3) Review the Syllabus: Review the syllabus to reaffirm that learning outcomes have been met and to remind students of the material that has been covered;

4) Letters to the Future: Have students set goals at the beginning of the course and review them at the end of the course to see which ones have been accomplished. Also, consider having them write a letter to the students who take the course next, giving advice and encouragement;

5) Pre-test, Post-test: If you used an assessment of student knowledge, ability of values at the beginning of the semester, use it again at the end. This will help students realize how much they have changed during the year, and will help you identify areas you may need to emphasize more next time you teach the course;

6) Final exam, Take Two: After the students take the final exam or project by themselves, have them work in groups to identify how their answers might have improved. This can identify areas in the course that need development and also may reduce dissatisfaction with grades on the final exam;

4) Stand and Deliver:Uhl (2005) recommends ending the course with an invitation to students to stand and share their thoughts. Some prompts: What are your regrets? For what are you thankful? How will you use what you have learned?

Burdick, D. (2013). The Last Day of Class. Center for Teaching Excellence. Endicott College. Retrieved May 6, 2013 from http://endicott.edu/Academics/AcadResources/CtrTeachingExcellence-AcadResources/~/media/AcadResourcesMediaLibrary/PDFs/CTE/LastDayofClass.pdf .


April 2013 - Note-taking for Students

Research on note-taking indicates that taking notes and reviewing them, in class or after class but especially before the exam, positively impacts student learning, and in turn helps students perform better on exams. Some strategies to implement in your class to support note-taking are:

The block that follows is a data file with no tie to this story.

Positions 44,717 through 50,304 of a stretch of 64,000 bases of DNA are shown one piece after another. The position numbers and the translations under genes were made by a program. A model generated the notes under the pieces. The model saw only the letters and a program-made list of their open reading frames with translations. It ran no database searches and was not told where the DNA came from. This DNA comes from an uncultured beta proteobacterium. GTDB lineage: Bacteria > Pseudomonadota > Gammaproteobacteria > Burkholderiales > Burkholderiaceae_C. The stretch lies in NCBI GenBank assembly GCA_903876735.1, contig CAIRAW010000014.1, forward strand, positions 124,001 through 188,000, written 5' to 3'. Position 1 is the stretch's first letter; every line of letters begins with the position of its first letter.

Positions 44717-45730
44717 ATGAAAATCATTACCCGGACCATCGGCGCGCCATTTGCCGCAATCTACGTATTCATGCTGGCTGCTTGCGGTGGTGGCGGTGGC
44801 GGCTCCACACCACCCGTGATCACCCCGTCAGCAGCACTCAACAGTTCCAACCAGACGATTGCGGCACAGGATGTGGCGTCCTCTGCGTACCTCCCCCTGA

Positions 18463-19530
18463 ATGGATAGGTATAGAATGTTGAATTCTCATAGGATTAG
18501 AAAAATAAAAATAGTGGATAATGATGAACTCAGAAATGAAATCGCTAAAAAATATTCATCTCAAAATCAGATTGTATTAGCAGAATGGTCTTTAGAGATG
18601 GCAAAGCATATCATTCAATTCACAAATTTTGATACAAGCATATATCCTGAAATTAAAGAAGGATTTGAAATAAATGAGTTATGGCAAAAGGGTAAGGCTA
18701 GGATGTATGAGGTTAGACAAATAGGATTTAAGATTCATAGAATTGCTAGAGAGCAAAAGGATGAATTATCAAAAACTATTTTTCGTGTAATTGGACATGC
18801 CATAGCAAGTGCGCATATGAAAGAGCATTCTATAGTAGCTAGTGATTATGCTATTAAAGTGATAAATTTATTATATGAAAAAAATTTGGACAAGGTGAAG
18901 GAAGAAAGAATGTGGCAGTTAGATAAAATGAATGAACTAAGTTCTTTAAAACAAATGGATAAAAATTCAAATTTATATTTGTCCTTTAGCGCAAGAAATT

1) Pacing: moderate speed of delivery at 135 words per minute best supports students note-taking,

2) Pausing: taking short two to three minute breaks allows students to review and rework their notes, and write down what they recall; this improves student comprehension and retention of material,

3) Verbal and visual cues: assist students in identifying lecture structure and hierarchical relationships, key points, and context by verbally calling for attention to them or visually by drawing diagrams, graphs, charts,

4) Handouts: students take better notes if a professor provides outline, overview or other organizer to supplement their notes,

5) Expose students to alternative and non-linear note-taking techniques: if students are familiar with models such as the Cornell Method (involves creating separate columns for notes and cues/questions, with a summary at the bottom of the page), concept maps, matrices or the "Smart Wisdom", they may prove more effective for some. A study by Makany, Kemp, & Dror (2008) found that non-linear note-takers performed on average 20% better than linear control groups measuring comprehension and metacognitive skills, surmising that non-linear strategies offer a visually accessible format that decreases cognitive load and enables deeper understanding through improved knowledge management and organization.

DeZure, D., Kaplan, M., & Deerman, M. (2001). Research on student notetaking: implications for faculty and graduate student instructors. CRLT Occasional Paper No. 16. University of Michigan. Retrieved April 1, 2013 from http://www.crlt.umich.edu/sites/default/files/resource_files/CRLT_no16.pdf.